Nyota raised her eyebrows. "Why?"

"Neither of us like talking to idiots, and believe it or not, the universe is full of them. Other governments are full of them, our civilian government is full of them, and Starfleet Command is full of them. You're smart, but you were also trained with the capacity to communicate with annoying people. So, Nyota," Nyota winced at the use of her first name, "that's why we want you. You get to do what you love, which apparently is talking, and I get to do what I love, which is reading very succinct, very short reports about what everyone else said." Nyota thought Eilum might be finished, but apparently not. "I have better things to do than coordinate every action and decision the Commodore makes with Starfleet, or talk with Federation council members, or mingle with Romulan ambassadors. People can be so needy," Eilum sighed.

"And you think this is supposed to be a tempting offer?"

Eilum smiled and leaned forward, the disk resting on her cheek. It disturbed Nyota to see something so horrible in the hands of someone, as far as she could tell, so unpredictable. "I think you find it fascinating." That was, unfortunately, true.

"I'm sorry, Captain, but I simply can't accept."

"Why not?" Eilum seemed genuinely confused. "You've logged your time on the infamous Enterprise. Try something new, live somewhere new, meet new people. I'm offering you something any career officer would kill for. A real opportunity to make a difference."

Frowning, Nyota said, "I already have that."

"You had that," Eilum corrected with the past tense.

"The new ship will be ready in only a few weeks." Give or take a month, Nyota internally corrected. "It's still the flagship. I live somewhere new everyday."

Something flickered in the depths of Eilum's eyes, and for all her training, Nyota couldn't place it. "But you don't stay, Nyota. You can have that here."

"I don't need that," Nyota insisted.

Eilum's eyes bore into her own. "You're too young to know what you need. You only know what you want, and what you want is to stay with your merry band of friends on Kirk's ship for all of eternity." The two officers stared each other down at that declaration. "Your generation of officers has this mindset of doing before thinking, that being a Starfleet officer means always being on the front lines because that's where the action is. Because that's where you make the difference. And the events of the five years since Vulcan's destruction have only reinforced that."

The neutrality Nyota had been so careful to maintain began to slip, and the anger and grief from their last mission seeped through into her voice.

"You presume too much, Captain."

The way Eilum's lips tightened took Nyota aback, though really, it should not have. "I presume enough. You've latched onto the Enterprise like its a life preserver, as your peers have latched onto their own assignments, but Nyota, you aren't soldiers. There isn't a war, and Starfleet's primary function is not to serve as a military. Your duty is not solely to obey a commander or patrol a border, but to explore the areas in which you excel in order to further universal understanding and cooperation." She was pretty sure Eilum had just quoted a cadet manual, but the exact edition evaded her.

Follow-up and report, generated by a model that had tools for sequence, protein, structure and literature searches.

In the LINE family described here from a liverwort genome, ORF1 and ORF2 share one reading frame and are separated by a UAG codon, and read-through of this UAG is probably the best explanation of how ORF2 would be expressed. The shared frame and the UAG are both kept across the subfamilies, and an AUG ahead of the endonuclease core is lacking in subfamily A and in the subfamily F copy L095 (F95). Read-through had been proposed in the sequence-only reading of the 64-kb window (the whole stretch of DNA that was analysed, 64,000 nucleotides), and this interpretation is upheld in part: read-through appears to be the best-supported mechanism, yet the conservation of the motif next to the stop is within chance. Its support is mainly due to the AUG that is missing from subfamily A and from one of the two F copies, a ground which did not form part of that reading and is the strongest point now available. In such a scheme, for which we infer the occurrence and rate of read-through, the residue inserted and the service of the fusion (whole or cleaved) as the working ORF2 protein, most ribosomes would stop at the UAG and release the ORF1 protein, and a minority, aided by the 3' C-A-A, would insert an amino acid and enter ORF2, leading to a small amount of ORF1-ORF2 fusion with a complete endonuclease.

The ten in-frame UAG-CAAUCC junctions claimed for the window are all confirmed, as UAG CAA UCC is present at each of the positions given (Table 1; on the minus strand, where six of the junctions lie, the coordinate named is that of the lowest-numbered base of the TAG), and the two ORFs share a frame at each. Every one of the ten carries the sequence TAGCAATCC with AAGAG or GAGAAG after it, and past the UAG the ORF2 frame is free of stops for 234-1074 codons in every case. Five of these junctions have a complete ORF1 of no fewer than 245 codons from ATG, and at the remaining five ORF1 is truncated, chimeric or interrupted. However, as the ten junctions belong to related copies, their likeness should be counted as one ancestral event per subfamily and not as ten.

Nyota had a feeling that Eilum had given this speech before. "I know that."

"Then why," Eilum asked with a pointed glance around the space, "would you not take this job?"

"I believe that my current assignment is the right one for me."

Eilum rested her cheek in her hand, and Nyota saw pity in her eyes. "Maybe you are lying to yourself."

A bit more venom than she intended sunk into Nyota's words. "Maybe you should review the work my ship has done these past few years, and afterwards, consider asking someone else to be liaison officer."

Eilum began to laugh the sound of a ringing bell. Tears formed in the corners of her eyes. Her face flushed. Nyota didn't know if she should be offended or amused, but she was leaning towards the former. What could possibly be so funny about what she had just said? "Stay at Yorktown," Eilum requested, still giggling a little.

Eyebrows raised and nearly forgetting everything about command structure, Nyota bit out, "Do you understand what the word 'no' means?"

Eilum grinned. "No." The tension in the room evaporated as quickly as it had appeared. Nyota relaxed her shoulders and successfully fought the urge to smile in exasperation.

To be fair, she really had set herself up for that one.

Voices, Nyota decided as she listened to Spock's the next day, were like footsteps.

He sounded upset. Instead of a small wobble or an elevation in volume, Spock tended to vocally express his displeasure by using increasingly precise pronunciations, all short t's and s's and clipped phrases. Occasionally, all this might be accompanied by an ever so slight upward pitch. Today, there had been both.

Nyota, I would like to resume our relationship as it was approximately two weeks prior to this date. Is this acceptable?